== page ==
Then came a succession of staff jobs, including materiel officer on the Atlantic submarine force staff in the early 1960s. The men in his office rode submarines during sea trials, and on April 10, 1963, one of the men who sat at a desk across from him went out with the USS Thresher; that boat was lost with all hands, a reminder that while the boats were getting bigger and better, it was still a dangerous profession.
Caldwell earned a deep-draft command on the oiler Marias, AO-57, and after a few more staff jobs got his final Navy job, as commanding officer of the Fleet Training Center in Newport, where his father had been homeported when he commanded Holland.
A few years ago Caldwell got a chance to experience first-hand what his father went through with the Holland. He knows retired Royal Navy Cmdr. Compton Hall, who had used a borrowed Navy minehunter and calculated the effects of currents and tides and wind to salvage the first British submarine, the Holland 1, commissioned in 1902 and modeled after the U.S. Navy’s Holland.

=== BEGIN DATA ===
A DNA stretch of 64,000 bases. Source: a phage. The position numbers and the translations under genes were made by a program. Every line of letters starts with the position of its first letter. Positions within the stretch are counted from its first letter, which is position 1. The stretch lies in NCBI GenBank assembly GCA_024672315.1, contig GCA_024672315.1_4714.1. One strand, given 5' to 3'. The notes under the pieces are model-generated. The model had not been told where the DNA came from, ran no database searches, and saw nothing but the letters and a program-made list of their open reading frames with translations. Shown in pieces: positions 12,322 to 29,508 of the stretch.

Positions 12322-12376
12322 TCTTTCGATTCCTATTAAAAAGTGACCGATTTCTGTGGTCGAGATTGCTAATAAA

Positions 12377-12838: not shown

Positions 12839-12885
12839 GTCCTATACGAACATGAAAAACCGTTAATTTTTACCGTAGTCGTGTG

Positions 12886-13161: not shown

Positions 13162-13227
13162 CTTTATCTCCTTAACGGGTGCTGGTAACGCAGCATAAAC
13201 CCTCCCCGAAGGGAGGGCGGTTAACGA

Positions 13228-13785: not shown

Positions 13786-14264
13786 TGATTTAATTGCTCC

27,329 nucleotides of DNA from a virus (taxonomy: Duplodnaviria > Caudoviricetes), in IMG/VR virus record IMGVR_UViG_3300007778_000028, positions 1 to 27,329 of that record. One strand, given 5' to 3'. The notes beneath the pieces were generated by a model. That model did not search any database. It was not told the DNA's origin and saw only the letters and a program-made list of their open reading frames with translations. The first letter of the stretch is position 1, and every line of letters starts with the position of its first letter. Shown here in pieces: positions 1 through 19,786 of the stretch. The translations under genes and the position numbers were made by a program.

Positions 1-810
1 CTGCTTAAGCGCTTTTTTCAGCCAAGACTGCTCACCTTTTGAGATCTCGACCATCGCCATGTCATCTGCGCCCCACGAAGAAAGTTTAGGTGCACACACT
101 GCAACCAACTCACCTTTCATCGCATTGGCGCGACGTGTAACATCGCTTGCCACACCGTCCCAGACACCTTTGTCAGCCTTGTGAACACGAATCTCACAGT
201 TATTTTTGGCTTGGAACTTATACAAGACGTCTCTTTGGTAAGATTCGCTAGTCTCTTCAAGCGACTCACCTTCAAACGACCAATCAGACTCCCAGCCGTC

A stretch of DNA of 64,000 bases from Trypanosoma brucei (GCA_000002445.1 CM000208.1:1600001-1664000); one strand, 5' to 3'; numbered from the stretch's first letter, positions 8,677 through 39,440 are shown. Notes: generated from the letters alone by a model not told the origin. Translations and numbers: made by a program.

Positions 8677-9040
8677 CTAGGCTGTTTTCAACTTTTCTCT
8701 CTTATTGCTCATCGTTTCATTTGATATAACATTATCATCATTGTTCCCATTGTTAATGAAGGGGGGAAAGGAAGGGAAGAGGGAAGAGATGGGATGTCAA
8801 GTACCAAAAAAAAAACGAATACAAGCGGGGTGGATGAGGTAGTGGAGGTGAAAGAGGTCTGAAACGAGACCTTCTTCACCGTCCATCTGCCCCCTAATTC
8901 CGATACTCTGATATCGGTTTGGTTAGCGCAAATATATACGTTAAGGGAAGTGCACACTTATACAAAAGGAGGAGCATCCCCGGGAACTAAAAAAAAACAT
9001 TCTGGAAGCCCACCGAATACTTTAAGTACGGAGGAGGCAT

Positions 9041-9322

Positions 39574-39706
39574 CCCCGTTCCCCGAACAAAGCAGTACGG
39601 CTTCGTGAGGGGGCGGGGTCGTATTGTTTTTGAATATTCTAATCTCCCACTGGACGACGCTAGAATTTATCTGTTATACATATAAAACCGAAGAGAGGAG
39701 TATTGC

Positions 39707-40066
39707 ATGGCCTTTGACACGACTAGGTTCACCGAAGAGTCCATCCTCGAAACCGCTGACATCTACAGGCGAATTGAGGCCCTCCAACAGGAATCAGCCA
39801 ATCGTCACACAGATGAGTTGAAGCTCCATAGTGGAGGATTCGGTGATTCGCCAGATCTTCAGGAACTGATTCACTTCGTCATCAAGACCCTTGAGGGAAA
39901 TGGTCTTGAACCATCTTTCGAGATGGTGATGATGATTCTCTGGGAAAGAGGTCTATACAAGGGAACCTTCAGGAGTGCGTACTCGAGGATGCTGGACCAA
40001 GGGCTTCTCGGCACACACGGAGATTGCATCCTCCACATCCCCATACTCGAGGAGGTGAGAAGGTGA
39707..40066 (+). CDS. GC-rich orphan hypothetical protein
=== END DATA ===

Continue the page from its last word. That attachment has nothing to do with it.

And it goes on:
“I was going over there anyway, so I wrote and asked him if I could come by,” Caldwell said. “That submarine was 10 feet longer than the Holland, but it was still pretty small to me. You can move, but not much, and of course you can’t move at all once you get under way because you would change the trim.”
Pneumatic valves kept raising the air pressure inside, and there was a spring-loaded relief cap at the top of the boat.
“When the pressure got high enough inside the submarine, you would hear it pop up, and you would look up and see green water, and hope it would close quickly enough so the water wouldn’t rush inside,” Caldwell said. “The conditions must have been horrible.”
“I already had a great deal of respect for what my father had done,” Caldwell said, “but that made me realize it was much worse than I thought.”